First I’ve learned about the most common and useful extensions:

  • CombineLatest() - the most used method of combining multiple observable. Use it whenever you need to combine multiple observables and operate on the last values they emitted
  • DistinctUntilChanged() - a simple but very useful extension to reduce all the noise
  • Throttle() - I usually use it with an observable that triggers often, and when I am interested in the last value that hasn’t changed for some time
  • FromEventPatters() - very useful when changing those annoying C# events into nice and clean observables
  • Select(...).Switch() - one of the most powerful combinations of extensions that I'll give an example on in a second. I could write an entire article about it, so if you don’t know what it is, check it out!
  • Do() - really handy for logging and debugging issues, but I wouldn't be using it for changing state of the application as this could easily introduce side-effects, which is not the reactive way
  • FromAsync() - used when you have some async method that returns a Task and you would like to include it into your observable chain of execution
  • ToObservable() - when used on IEnumberable will allow you to handle lists in a reactive way

During my time with Rx I've learned also plenty of other really useful stuff that you may find interesting:


I cannot emphasize enough how important it is to properly cancel an asynchronous task. Every time you don’t cancel, for example, a web request that the user is no longer interested in, it's a big waste of resources. Thankfully C# has a really nice way of canceling a long running operation by using CancellationToken.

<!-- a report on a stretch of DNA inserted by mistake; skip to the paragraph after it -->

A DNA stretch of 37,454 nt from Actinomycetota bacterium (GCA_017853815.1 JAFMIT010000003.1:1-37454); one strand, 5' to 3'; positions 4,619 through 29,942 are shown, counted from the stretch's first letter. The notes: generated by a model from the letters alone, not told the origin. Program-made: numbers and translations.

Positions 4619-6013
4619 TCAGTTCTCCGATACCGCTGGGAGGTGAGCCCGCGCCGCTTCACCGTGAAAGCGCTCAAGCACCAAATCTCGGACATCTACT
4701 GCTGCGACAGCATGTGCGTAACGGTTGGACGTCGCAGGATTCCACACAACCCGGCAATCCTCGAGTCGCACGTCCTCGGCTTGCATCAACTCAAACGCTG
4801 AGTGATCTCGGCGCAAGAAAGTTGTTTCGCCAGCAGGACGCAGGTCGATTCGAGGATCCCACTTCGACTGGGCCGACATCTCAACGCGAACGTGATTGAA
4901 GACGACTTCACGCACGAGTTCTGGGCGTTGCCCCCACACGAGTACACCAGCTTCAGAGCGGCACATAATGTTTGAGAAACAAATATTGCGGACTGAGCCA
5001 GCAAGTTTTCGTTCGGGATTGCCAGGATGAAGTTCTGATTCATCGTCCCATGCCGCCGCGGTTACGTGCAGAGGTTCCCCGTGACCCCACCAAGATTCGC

Every asynchronous method that I write looks something like this:

    Task<string> GetDefinitionForTextAsync(string text, CancellationToken token)

This way a developer has the possibility to cancel an outgoing request that the user is no longer interested in. In normal C# programming this could be a bit messy with all those CancellationTokenSources.

Thankfully when it comes to Rx things get really simple. Let’s imagine that we would like to download a definition for some text that the user has submitted and assign the result to a ReactiveProperty.

Let's imagine that the user is typing a word in a text field and wants to get a definition of that word.

First let’s define two properties: one for text, that is bound to the TextBox where the user can input text, and the other one for displaying the definition, which is bound to a TextBlock:

    public ReactiveProperty<string> Text {get; private set;}
    public ReactiveProperty<string> Definition {get; private set;}

Now I will skip the XAML as it looks in most cases the same, but here is how does the constructor in the view-model looks like:

    Text = new ReactiveProperty<string>();
    Definition = Text.Select( text => Observable.FromAsync(token => GetDefinitionForTextAsync(text, token))

And that's it!

Whenever the user enters a new letter, Select creates a new observable from the Task returned from GetDefinitionForTextAsync and Switch() will cancel the previous running operation.

To make it even nicer I would add Throttle() so we wouldn't start a search after every single letter entered by the user.


Remember that although observables really look like properties, they are not: they are like events. This is even more important when using CombineLatest(). If any of the given observables never push a value, CombineLatest() won't trigger.

I usually like to add StartWith(...) to observables so CombineLatest() would work as expected.

Issues with Select().Switch():

As I mentioned before, the combination Select(...).Switch() is extremely powerful, but it has also been the part where I’ve had plenty of confusing bugs.

Here is an example: let’s say we have a ClickCommand which is triggered every time I press a button:

    ClickCommand.Do(_ => Debug.WriteLine("Command"))